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Exclusive: Official Says UES Synagogue Fire Example Of Why FDNY Can't Be Cut

NEW YORK (CBSNewYork) -- There were charges Wednesday that the FDNY is stretched so thin that response times to a fire at an historic Upper East Side synagogue were agonizingly long and well above normal response times.

The voice of a child is heard on home video of the recent fire at the Kehilith Jeshurun synagogue, asking the question Mayor Michael Bloomberg should be asking himself:

"Where's the fire department, mom?"

Despite clouds of billowing black smoke the first fire engine didn't arrive for 6 minutes, 55 seconds. The average response time for Manhattan fires is 4:08.

"It's a warning to the mayor," Al Hagan, president of the Uniformed Fire Officers Association, told CBS 2's Marcia Kramer. "We're as thin as we can get and effectively provide protection for the people of this city."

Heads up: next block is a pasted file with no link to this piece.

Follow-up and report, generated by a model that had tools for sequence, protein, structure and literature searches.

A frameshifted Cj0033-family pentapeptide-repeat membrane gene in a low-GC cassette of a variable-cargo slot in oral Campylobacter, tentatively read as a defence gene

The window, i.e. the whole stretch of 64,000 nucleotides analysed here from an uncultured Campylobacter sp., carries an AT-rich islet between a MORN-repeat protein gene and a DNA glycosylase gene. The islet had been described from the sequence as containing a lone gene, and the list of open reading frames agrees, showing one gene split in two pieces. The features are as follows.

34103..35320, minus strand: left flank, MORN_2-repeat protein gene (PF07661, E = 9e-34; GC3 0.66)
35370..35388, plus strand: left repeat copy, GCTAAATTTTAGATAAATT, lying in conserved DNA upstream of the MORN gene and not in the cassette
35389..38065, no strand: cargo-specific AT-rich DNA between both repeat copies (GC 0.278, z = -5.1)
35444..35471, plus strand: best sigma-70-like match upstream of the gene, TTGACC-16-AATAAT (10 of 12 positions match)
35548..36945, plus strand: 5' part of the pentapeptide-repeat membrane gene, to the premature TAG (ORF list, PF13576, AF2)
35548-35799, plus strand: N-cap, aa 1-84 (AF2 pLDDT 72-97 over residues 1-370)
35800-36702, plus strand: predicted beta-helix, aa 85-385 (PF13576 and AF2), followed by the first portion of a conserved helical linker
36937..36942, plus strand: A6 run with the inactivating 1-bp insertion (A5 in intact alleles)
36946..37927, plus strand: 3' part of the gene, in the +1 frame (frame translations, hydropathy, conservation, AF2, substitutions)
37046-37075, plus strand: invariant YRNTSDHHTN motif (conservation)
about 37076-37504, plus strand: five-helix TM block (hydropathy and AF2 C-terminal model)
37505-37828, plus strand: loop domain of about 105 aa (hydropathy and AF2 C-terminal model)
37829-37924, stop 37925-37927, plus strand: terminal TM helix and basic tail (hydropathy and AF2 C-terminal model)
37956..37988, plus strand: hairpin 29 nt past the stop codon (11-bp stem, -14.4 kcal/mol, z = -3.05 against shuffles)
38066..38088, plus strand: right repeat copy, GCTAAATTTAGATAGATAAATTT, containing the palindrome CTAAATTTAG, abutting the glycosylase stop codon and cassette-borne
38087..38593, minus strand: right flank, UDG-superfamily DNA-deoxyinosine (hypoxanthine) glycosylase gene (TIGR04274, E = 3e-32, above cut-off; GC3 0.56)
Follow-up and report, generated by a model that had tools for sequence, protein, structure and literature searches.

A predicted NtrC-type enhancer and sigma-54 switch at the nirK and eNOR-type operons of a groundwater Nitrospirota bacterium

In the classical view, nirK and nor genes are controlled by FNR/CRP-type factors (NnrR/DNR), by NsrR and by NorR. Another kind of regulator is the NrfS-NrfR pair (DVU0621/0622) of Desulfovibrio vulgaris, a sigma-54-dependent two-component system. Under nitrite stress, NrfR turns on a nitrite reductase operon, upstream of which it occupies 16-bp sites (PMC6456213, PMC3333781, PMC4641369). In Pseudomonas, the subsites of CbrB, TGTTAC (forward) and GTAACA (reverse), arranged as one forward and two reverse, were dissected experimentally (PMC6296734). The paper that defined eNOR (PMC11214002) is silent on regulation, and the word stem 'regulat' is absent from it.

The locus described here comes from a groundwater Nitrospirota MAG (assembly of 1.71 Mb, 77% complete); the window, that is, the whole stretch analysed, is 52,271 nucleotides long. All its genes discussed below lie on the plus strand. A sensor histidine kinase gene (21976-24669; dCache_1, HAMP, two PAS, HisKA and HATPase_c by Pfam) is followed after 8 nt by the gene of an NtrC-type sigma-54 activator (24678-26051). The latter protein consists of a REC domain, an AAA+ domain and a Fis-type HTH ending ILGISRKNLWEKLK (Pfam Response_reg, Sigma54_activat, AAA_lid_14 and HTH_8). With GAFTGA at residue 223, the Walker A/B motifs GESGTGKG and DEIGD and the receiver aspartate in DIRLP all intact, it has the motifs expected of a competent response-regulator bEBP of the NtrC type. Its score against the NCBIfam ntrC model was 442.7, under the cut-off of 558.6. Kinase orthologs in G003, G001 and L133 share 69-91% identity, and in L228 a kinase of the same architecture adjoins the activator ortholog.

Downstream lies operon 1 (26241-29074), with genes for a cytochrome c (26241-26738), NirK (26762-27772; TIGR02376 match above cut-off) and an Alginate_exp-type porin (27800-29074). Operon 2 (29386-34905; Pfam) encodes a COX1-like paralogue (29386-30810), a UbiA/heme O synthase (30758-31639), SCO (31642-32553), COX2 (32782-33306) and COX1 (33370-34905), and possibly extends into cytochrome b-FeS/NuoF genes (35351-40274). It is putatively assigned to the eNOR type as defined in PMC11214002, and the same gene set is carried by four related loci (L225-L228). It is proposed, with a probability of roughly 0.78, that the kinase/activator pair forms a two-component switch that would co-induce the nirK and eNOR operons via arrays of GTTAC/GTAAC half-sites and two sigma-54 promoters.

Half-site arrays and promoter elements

Response time was delayed because the neighborhood fire company was fighting another fire, the replacement engine was 35 blocks away and the ladder company had to come from the West Side. Also, the battalion chief got to the fire four minutes before the fire engine, but was left with the frustration of calling and calling for help.

Hagan said in a city like New York there are always multiple fires – something Bloomberg should take into account before moving to close fire companies.

"If they decide to cut more fire houses it will be civic insanity," Hagan said. "It's morally bankrupt. It's morally bankrupt."

Sources told Kramer that City Hall has signaled its intention to try to close fire houses again next year, but a mayoral spokesman Marc Lavorgna said that's just speculation.

"We have achieved all-time record levels of fire safety during this administration," Lavorgna said, "and we will continue to do all we can to continue the record of success in protecting New Yorkers."

But the head of the City Council's Fire Safety Committee said she's worried.

"This is a sad reminder of how stretched our fire department currently is and how they're working harder than ever before," Councilwoman Elizabeth Crowley said.

The synagogue fire went to four alarms and took 170 firefighters to bring under control.

Unless there's an unexpected uptick in the economy the city anticipates a $5 billion deficit in next year's budget.

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